You're right. And change to be Frank, it's exhausting, constantly having to about-face and try different things and part of the management process is just making sure people know that we care about you and giving them rest. Like this year- you know, all the stuff that happened with the coronavirus, it's been very, very tough on people. So, we did something special this year. We gave Christmas Eve off to everybody, which we had usually when the federal reserve is open, we're open, but we- and we took that day and said, everybody, take a day off. So we’ll recharge. 


Just things like that, just because of the pace of change, I think you also have to be particularly careful about how people react to it. Really take the pulse on how people are dealing with it mentally. You gotta be careful. 


Mahan Tavakoli:

And to a certain extent back to the empathy that your mom had, that you have Andy in leading your team members through this crisis.


Now, I know also there have been times where you have not done as well as you would have hoped for including potential merger that didn't go as well as you had expected it to. 


Andy Grimm:

Right. So, I think I've had an evolution in my career where- you have to understand, I was a finance guy. I came up training as a numbers guy. I'm a bean counter. Unfortunately, there are certain stereotypes that are associated with a bean counter. Well, they're not people persons, and can't do that. They're just so focused on the numbers. They're numbers people, and I knew deep inside, I'm not.


You know, earlier in my career, I'd say to some degree, that was true. I think I was overly focused on numbers. So, we had a merger opportunity that came up and I was, wow, this is just great for both organizations, this is amazing, look at the synergy, look at all this, but the one thing I forgot about is the people you need it to make it happen. So, I was selling the wrong power brokers to get the job done and the most important person in the merger, I neglected if not alienated.


And we lost that opportunity. Wow, what a lesson for me that was- is that people come first. You just can never underestimate how much emotion can overrule logic. You know, I had the most logical reason for that merger in the world. Would have been the best merger ever.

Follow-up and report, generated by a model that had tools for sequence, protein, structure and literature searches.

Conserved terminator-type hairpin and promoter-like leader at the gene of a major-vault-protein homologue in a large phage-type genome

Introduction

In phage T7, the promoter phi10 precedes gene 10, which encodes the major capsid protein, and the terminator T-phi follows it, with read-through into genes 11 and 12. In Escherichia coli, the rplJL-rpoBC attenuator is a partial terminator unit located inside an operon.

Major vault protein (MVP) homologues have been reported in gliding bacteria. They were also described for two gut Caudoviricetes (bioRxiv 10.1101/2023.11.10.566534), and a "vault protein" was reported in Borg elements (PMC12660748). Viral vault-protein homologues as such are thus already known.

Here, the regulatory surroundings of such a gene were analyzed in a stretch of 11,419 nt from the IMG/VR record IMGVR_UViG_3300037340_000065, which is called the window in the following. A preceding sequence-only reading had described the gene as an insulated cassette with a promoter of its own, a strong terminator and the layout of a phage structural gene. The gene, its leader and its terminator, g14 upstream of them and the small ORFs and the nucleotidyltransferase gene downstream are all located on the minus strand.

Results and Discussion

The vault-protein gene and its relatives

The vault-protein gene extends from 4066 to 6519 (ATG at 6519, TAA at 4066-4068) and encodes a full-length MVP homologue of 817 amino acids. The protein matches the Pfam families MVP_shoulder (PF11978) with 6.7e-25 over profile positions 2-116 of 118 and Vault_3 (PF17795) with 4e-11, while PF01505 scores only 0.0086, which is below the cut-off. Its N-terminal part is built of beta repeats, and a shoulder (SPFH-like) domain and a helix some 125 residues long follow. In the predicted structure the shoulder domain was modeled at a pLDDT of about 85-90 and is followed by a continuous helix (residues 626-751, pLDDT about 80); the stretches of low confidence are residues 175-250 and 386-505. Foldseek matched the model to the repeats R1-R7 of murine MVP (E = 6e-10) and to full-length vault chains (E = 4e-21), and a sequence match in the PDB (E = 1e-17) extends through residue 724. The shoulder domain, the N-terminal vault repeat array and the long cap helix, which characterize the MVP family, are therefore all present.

Man, if the people don't buy into it, it's just like what we talked about before buying into change, forget it. So that really helped me. I would consider that to be a pivotal moment for me in understanding how important people were around me, but I knew they were important, but just showing it, showing it.


If I may expand that out a little bit, the CEO job became open at Apple, and remember what I'm saying? I came up in the finance, I did the investments, I did the accounting, I did all, all these things and I was the number two guy in your organization so you would think, well, Possible shoe-in for the CEO role and the CEO retires? No, that wasn't the case. I had to really work for that job because the perception of me was being countered. This is the guy that's not going to deal with people well. 


So when the job first came open- One of the directors came up to me and says, you know,  we'll be doing a search for the job. I was crushed. You know, you read articles in the trade publications- so, and so it will become CEO when the other guy retires. There was no search or no- like, wow. I thought I earned that. I thought I deserved that. And you know, I kind of sulk for a few days like one does. I remember talking to our head of human resources and another wonderful lady, Beth Yingling and she said that to me "well, just prove that you're right for the job, you know, you're right. We'll just do it. Just prove that you're right." 


So what ended up happening is I did a big gap analysis of what perception of me was and what we felt was needed for the job and I went out and I did all the things I felt like I needed to do to change that perception. It took me about two years, I joined a lot of community boards, met a lot of wonderful people doing that, by the way, that was such a great side, benefits, all that. But I did all those things. I did CEO training, all kinds of stuff that I had not done previously because I said, Oh, I know the job, I'm in operation. I know the operations and all the stuff that people think. And I closed the gap. And when it came time for the interview, well, preparation, of course, is also a very, very important thing as well. Mahan, I probably studied 36 hours before that interview. I had my wife quiz me with every question known to man because I really wanted that job. And then, you know, I was interviewed by 15 people and they were throwing all kinds of questions to me, but I was so well-prepared. So preparation, but also filling in those gaps.


You know deep inside where your liabilities are, you know what you need to improve on. And I guess the overall message I would say to anybody listening is that leadership can be learned. Yes, I mean, there are some born leaders, so to speak, you're the born leader, but there are a lot of things you can learn. There's a lot of things you can change.


And particularly for me, who, when I take those fancy tests, the letter I always comes out. The introvert, which is not a bad word inherently in itself. It just means you get energy from ideas, right? Not from people, but sometimes people look at an introvert and then they say, Oh, well, he's not going to do that people element of the job or anything, but you can. You can, if you work on it so is like anything else, practice focusing on the principles that will make you better.